Aug 18, 2014 at 19:09
  • \$\begingroup\$ I knew there had to be a more natural way to fit this into the streams framework, and this is it. Thank you! I do have two questions: 1. Why did you go for Double.MIN_VALUE, instead of Double.NEGATIVE_INFINITY as starting value? 2. If I really want my class to keep track of the best so far (over multiple calls of updateBest), I assume I can use this same idea, but initialize the accumulator with the current bestItem and bestScore? \$\endgroup\$
    – Mangara
    Aug 18, 2014 at 19:20
  • \$\begingroup\$ Double.NEGATIVE_INFINITY would be better, but really, I should have a boolean first flag, and go from there. As for the keeping-the-old value - you should realize that when streaming the values, there will be many 'Result' instances, and they will all be merged as the parallel threads complete. \$\endgroup\$
    – rolfl
    Aug 18, 2014 at 20:59
  • \$\begingroup\$ Will this result in a parallel computation? The docs suggest that this only happens if the Collector defines the Collector.Characteristics.CONCURRENT and Collector.Characteristics.UNORDERED characteristics. \$\endgroup\$
    – Mangara
    Aug 18, 2014 at 21:16
  • \$\begingroup\$ The Collector does not need to be concurrent for the stream to be parallel. The collector has an efficient 'combine' method, which makes the non-concurrent collector efficient still. Instead of collecting all the values in one concurrent collector, the parallel stream collects in to multiple collectors, and then safely merges the results. \$\endgroup\$
    – rolfl
    Aug 19, 2014 at 0:31


Returns the maximum element of this stream according to the provided Comparator. This is a special case of a reduction.

Furthermore, there's a handy static method on Comparator to lift a regular function to a comparator:


Accepts a function that extracts a Comparable sort key from a type T, and returns a Comparator that compares by that sort key.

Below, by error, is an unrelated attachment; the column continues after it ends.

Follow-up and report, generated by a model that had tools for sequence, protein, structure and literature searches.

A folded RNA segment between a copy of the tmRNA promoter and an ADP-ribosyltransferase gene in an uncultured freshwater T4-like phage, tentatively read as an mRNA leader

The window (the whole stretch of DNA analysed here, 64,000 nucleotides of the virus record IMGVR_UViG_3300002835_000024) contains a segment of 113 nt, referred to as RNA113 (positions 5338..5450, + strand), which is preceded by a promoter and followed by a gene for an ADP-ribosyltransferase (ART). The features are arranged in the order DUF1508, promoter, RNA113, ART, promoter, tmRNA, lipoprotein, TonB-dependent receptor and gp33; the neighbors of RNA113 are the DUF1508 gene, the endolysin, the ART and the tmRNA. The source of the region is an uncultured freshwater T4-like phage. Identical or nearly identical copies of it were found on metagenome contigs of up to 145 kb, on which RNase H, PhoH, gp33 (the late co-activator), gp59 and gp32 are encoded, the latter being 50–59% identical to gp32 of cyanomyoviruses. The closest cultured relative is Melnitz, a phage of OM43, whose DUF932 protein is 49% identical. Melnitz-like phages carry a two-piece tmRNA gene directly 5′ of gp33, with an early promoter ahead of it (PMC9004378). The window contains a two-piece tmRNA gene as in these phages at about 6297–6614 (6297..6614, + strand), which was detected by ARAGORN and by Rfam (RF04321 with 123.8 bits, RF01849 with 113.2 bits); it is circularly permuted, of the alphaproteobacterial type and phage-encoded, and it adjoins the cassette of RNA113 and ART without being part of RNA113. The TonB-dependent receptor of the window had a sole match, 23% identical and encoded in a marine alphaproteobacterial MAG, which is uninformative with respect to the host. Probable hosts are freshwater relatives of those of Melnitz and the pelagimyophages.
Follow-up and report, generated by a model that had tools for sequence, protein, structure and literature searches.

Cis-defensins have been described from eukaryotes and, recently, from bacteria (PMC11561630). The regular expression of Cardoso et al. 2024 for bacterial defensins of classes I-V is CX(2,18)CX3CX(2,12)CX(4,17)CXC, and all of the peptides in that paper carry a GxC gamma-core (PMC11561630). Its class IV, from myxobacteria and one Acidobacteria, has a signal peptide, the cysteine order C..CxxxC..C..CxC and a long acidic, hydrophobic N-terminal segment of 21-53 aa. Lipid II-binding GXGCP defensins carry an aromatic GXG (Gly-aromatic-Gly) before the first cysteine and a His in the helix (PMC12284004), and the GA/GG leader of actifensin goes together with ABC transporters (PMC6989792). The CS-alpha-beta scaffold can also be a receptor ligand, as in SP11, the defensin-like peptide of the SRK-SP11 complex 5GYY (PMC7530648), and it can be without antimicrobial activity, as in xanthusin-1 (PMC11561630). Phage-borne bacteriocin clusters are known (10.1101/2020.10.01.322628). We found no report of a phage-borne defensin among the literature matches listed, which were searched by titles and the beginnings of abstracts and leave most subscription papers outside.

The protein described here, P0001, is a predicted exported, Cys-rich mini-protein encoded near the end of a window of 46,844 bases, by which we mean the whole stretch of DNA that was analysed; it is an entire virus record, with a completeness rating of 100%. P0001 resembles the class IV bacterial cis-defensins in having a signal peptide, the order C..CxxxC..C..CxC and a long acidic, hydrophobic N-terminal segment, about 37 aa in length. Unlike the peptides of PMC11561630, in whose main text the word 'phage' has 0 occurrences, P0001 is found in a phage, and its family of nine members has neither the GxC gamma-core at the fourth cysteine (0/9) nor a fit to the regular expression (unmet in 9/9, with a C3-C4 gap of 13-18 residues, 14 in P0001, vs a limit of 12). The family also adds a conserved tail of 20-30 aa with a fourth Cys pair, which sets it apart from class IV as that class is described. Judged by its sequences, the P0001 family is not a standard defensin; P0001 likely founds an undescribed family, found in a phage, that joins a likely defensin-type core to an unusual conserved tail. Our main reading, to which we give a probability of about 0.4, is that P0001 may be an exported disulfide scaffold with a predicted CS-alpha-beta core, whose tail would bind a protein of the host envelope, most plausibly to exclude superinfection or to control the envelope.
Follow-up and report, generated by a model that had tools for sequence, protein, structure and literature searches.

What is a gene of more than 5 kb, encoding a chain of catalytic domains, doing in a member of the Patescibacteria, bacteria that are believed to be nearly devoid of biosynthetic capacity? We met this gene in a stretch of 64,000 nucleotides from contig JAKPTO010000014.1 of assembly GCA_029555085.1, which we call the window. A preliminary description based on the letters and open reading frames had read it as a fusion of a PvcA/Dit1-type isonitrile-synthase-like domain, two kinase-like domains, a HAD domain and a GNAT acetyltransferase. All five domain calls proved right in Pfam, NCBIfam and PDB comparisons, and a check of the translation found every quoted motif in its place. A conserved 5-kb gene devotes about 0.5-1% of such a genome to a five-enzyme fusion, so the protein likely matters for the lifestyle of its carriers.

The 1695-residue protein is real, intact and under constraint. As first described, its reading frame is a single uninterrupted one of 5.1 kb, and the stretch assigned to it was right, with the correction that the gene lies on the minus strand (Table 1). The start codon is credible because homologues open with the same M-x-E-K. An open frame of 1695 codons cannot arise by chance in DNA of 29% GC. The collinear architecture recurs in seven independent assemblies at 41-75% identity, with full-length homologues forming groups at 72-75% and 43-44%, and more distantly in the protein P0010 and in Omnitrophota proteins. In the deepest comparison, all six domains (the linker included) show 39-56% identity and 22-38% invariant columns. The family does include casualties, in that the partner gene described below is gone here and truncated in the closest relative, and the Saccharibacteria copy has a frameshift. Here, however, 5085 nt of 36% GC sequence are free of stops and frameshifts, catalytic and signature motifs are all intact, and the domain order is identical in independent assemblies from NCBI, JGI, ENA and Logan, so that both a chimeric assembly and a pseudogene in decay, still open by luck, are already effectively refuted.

public static <T> T getBest(final Function<T, Double> qualityFunction, final List<T> population) {
    return population.parallelStream()
      .get(); // unwrap Optional<T>

The java.util.function package has some nice stuff in it (though not quite as rich as, say, Scala or clojure), but you have to hunt through the javadocs for a lot of it.

  • \$\begingroup\$ This is a really nice solution! My only concern is the number of times qualityFunction is evaluated here. In my test, it was evaluated roughly twice for each object. As some quality functions in my project are really expensive, this would effectively double the running time. \$\endgroup\$
    – Mangara
    Aug 18, 2014 at 20:45
  • 1
    \$\begingroup\$ Yep, unfortunately the implementation of max and Comparator.comparing are naive, and don't do any caching, so you'd be better off making your own Collector which caches the result. The docs on MutableReduction describe this tradeoff. \$\endgroup\$ Aug 18, 2014 at 21:02
  • \$\begingroup\$ Note that there is also Collectors.maxBy(Comparator<T>), but unfortunately has the same problem as Stream#max in that its implementation defers to Collectors#reducing (i.e., Stream#reduce) and therefore can't generically cache the Comparator.comparing(qualityFunction). \$\endgroup\$ Aug 18, 2014 at 21:08